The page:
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The Kensington Runestone: Fact or Fiction - Essay Example

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Loewen believes that history textbooks (particularly high school level textbooks) fail to show us history’s true nature because they focus on facts in an authoritative tone. Because of the tone of history texts, the topics discussed are not easily debated…
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The Kensington Runestone: Fact or Fiction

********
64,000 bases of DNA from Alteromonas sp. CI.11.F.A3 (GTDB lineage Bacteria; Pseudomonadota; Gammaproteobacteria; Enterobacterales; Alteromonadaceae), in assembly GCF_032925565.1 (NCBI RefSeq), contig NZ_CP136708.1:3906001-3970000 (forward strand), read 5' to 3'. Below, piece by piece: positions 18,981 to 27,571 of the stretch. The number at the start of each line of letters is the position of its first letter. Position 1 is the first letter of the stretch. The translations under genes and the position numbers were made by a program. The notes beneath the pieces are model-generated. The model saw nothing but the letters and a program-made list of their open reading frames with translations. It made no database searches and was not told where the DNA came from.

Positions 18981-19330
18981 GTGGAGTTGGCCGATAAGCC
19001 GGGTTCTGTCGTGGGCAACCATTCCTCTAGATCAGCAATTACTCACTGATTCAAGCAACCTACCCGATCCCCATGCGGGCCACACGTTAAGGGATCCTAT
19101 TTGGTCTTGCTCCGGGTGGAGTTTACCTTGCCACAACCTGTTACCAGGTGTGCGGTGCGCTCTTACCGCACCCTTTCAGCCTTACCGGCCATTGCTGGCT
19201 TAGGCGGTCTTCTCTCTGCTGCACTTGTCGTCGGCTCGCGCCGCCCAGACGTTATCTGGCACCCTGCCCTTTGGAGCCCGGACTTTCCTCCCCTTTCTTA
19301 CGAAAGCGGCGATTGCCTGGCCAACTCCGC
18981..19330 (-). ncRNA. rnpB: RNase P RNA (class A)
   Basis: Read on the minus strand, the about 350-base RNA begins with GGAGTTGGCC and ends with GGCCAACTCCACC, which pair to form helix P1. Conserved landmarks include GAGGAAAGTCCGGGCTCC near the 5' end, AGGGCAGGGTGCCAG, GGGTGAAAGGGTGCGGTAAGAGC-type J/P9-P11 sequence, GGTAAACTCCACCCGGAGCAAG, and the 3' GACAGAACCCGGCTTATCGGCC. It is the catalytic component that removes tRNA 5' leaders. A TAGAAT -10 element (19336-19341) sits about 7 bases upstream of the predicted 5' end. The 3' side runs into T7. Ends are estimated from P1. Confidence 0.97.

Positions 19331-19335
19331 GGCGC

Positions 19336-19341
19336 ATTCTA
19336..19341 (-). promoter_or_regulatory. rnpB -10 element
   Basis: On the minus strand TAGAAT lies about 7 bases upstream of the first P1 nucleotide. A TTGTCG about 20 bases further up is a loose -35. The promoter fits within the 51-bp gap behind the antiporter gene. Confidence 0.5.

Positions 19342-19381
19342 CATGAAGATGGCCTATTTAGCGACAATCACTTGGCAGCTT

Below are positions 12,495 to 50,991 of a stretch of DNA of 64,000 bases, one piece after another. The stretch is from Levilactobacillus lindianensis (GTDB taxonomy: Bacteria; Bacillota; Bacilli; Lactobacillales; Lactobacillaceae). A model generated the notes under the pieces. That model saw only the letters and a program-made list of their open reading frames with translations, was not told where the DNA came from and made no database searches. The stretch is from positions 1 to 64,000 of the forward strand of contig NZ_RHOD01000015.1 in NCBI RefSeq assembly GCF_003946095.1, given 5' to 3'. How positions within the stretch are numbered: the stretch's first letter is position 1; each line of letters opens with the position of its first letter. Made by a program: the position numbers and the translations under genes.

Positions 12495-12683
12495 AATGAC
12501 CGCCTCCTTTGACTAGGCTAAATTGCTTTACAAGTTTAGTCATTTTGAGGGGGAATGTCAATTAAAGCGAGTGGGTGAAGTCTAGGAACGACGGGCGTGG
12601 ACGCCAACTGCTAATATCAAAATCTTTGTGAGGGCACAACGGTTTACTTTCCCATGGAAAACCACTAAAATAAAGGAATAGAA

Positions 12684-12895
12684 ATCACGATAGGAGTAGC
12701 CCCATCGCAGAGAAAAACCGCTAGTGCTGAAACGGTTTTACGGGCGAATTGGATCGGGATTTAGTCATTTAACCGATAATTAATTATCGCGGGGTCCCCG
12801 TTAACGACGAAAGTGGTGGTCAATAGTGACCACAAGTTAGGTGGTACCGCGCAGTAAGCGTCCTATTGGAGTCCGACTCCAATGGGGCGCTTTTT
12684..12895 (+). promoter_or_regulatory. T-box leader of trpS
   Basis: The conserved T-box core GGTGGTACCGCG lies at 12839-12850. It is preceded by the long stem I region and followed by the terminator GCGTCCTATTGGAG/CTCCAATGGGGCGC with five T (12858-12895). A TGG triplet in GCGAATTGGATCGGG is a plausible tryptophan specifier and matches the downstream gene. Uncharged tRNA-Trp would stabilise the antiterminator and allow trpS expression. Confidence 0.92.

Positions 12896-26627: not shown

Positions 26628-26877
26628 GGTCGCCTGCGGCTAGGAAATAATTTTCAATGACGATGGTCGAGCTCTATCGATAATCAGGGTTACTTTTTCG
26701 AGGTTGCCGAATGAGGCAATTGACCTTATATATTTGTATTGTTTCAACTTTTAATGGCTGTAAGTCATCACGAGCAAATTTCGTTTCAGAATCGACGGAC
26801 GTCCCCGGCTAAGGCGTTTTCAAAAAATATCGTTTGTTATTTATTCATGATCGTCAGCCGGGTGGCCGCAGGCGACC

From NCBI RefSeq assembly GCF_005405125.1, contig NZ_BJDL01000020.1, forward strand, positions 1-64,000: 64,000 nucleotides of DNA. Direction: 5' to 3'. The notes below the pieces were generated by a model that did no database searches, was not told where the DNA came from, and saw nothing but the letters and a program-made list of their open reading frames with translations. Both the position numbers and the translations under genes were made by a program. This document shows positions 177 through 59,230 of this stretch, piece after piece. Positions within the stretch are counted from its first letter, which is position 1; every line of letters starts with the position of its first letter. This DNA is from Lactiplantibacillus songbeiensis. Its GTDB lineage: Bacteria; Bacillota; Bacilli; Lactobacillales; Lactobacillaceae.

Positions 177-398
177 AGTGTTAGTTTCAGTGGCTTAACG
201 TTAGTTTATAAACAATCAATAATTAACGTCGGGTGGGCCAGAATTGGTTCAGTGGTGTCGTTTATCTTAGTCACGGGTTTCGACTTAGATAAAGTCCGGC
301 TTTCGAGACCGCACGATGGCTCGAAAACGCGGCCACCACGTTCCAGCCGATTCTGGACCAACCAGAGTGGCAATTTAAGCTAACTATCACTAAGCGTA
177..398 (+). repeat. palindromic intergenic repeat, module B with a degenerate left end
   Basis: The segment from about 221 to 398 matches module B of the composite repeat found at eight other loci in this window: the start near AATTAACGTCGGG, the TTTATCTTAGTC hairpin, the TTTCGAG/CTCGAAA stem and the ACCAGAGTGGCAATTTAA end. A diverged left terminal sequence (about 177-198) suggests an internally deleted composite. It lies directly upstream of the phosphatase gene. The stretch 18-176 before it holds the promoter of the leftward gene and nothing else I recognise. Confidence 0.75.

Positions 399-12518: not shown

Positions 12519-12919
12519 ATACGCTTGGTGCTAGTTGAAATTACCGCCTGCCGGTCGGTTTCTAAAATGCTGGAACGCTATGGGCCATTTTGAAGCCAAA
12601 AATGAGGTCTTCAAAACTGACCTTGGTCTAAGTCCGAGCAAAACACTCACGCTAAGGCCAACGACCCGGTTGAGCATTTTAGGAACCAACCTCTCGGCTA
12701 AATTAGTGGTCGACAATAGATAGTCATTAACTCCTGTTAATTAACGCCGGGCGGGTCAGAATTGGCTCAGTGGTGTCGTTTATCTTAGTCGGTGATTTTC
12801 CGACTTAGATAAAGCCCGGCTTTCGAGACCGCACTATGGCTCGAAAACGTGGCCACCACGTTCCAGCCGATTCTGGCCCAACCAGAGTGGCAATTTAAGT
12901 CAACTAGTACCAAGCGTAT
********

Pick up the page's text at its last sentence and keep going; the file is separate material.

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Download file to see previous pages Loewen believes that history textbooks (particularly high school level textbooks) fail to show us history’s true nature because they focus on facts in an authoritative tone. Because of the tone of history texts, the topics discussed are not easily debated. This is contrary to what Loewen believes history is about; as he states, “History is furious debate informed by evidence and reason” (4). The controversy regarding the Kensington Runestone is a prime example that history is about arguments and debates and not merely about established facts, dates, and occurrences. The Kensington Runestone was discovered by a farmer named Olof Ohman in 1898. Initially, the Runestone was thought to be an authentic Norse engraving from 1362. However, a year later two professors, one from the University of Minnesota and the other from Northwestern University, proclaimed that the inscription on the stone was written recently and was therefore a hoax. A few years later, in 1908, a book was written that declared that the inscription was real and authentic. From this point on, debate raged among the historical community regarding the authenticity of the Runestone and the other history behind it (Gilman, 63). Some experts claimed it was real while others claimed it was false. Several books and articles have been written about the mysterious Runestone engraving. The events and debate about the Runestone illustrate what Loewen means when he says that “history is a furious debate.” The story of the Kensington Runestone also illustrates the importance of evidence and reason in historical study. In 2000, there was a session held by the Midwest Anthropological and Plains Anthropological societies in St. Paul, Minnesota. At this session, 30 people gathered to debate the authenticity of the artifact. Gilmore states that “the talk was respectful and dealt with evidence rather than personalities” (63). This is truly the aim that historians should take; allowing the evidence rather than letting someone’s personality determine what the truth of the matter is. Furthermore, reason should also prevail because evidence and reason together will lead to the most accurate truth when it comes to history. Hjalmar R. Holand of Minnesota presents compelling evidence that the Kensington Runestone is a legitimate artifact. He has been studying the Runestone for over 20 years. He states that “This runic inscription is perhaps the most important that has ever come to the attention of man. It is the only legible inscription found in America” (Davis, 306). Holand believes the stone is very credible because there is a record of the King of Norway sending out an expedition group to North America in 1355 that apparently returned in 1364. Furthermore, there have recently been 4 axes found buried in Minnesota that are almost certainly Scandinavian axes from this medieval time period. The Runestone is such a controversial topic because of the implications that its authenticity has on our current history books. This is why reasonable debate and searching for new evidence is important for both historians and students of history. Loewen would argue that such debate makes history more exciting to teach because it allows readers to engage in debates about the past as differing opinions and evidence are presented. In this way, the student is able to take a more active role when studying history instead of just memorizing dates and names. Although Loewen’s opening statement that “High school students hate history” (1) is a generalization (I’m positive not every high school student hates their history classes), making students aware of the debates that are going on in the historical community would seem to make high school history less boring to a typical student. The Kensington Runestone is fascinating because of the controversy it has generated, yet the message engraved on it is equally interesting. The stone contains a short but significant message ...Download file to see next pagesRead More
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